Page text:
Hero-Gods, Prophets, Poets, Priests are forms of Heroism that belong to the old ages, make their appearance in the remotest times; some of them have ceased to be possible long since, and cannot any more show themselves in this world. The Hero as Man of Letters, again, of which class we are to speak to-day, is altogether a product of these new ages; and so long as the wondrous art of Writing, or of Ready-writing which we call Printing, subsists, he may be expected to continue, as one of the main forms of Heroism for all future ages. He is, in various respects, a very singular phenomenon.
He is new, I say; he has hardly lasted above a century in the world yet. Never, till about a hundred years ago, was there seen any figure of a Great Soul living apart in that anomalous manner; endeavoring to speak forth the inspiration that was in him by Printed Books, and find place and subsistence by what the world would please to give him for doing that. Much had been sold and bought, and left to make its own bargain in the market-place; but the inspired wisdom of a Heroic Soul never till then, in that naked manner. He, with his copy-rights and copy-wrongs, in his squalid garret, in his rusty coat; ruling (for this is what he does), from his grave, after death, whole nations and generations who would, or would not, give him bread while living, — is a rather curious spectacle! Few shapes of Heroism can be more unexpected.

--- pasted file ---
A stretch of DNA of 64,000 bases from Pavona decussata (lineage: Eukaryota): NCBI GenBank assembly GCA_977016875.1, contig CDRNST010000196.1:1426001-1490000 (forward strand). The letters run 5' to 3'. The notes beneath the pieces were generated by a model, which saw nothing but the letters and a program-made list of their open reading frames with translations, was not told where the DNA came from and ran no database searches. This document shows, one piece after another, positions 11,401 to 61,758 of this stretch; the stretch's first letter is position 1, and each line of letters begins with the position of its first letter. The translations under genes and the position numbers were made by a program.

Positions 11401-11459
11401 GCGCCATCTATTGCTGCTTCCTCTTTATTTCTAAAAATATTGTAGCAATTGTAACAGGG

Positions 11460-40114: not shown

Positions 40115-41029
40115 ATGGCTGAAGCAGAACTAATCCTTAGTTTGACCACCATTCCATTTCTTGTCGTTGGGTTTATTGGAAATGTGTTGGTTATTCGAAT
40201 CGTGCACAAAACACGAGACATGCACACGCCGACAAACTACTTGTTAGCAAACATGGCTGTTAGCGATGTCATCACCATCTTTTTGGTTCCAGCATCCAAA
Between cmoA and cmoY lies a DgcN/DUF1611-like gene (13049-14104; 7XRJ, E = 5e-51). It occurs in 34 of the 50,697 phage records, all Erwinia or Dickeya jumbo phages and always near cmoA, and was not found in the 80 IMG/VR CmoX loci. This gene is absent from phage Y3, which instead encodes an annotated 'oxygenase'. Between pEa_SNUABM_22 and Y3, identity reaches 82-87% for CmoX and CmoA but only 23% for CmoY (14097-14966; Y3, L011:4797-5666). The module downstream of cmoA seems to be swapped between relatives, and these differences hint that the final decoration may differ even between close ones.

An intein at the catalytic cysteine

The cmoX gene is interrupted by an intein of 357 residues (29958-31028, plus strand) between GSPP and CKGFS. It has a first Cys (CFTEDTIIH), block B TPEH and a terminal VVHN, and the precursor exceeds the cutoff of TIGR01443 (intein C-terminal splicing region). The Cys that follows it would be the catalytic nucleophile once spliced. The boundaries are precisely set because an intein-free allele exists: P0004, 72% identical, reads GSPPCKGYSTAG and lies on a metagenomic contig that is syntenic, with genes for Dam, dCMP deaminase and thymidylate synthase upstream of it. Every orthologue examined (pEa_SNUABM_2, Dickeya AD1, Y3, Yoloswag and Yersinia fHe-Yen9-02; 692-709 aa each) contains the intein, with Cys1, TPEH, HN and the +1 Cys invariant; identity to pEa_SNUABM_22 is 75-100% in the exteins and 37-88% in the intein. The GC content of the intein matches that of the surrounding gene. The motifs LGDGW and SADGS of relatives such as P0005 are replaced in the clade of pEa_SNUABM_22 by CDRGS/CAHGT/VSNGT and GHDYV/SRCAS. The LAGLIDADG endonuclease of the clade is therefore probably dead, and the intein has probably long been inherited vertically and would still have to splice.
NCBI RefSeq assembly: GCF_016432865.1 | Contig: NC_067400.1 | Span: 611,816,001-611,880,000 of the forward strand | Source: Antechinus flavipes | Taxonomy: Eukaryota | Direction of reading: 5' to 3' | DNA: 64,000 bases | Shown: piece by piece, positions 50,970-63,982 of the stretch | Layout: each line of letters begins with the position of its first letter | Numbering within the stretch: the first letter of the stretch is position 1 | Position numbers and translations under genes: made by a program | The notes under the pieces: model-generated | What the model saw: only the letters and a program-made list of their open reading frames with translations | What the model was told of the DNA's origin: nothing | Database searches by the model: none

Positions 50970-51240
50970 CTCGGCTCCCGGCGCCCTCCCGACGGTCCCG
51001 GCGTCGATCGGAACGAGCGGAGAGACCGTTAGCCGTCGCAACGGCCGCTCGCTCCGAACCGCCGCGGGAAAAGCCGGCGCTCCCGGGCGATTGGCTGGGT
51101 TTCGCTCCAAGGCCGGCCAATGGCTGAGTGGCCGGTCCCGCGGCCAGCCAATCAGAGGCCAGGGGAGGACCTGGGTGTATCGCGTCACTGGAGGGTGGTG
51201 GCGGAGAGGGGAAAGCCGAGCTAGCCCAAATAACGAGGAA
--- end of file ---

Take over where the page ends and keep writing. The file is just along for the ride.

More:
Complete text of "The Hero as Man of Letters."
Last modified 6 September 2007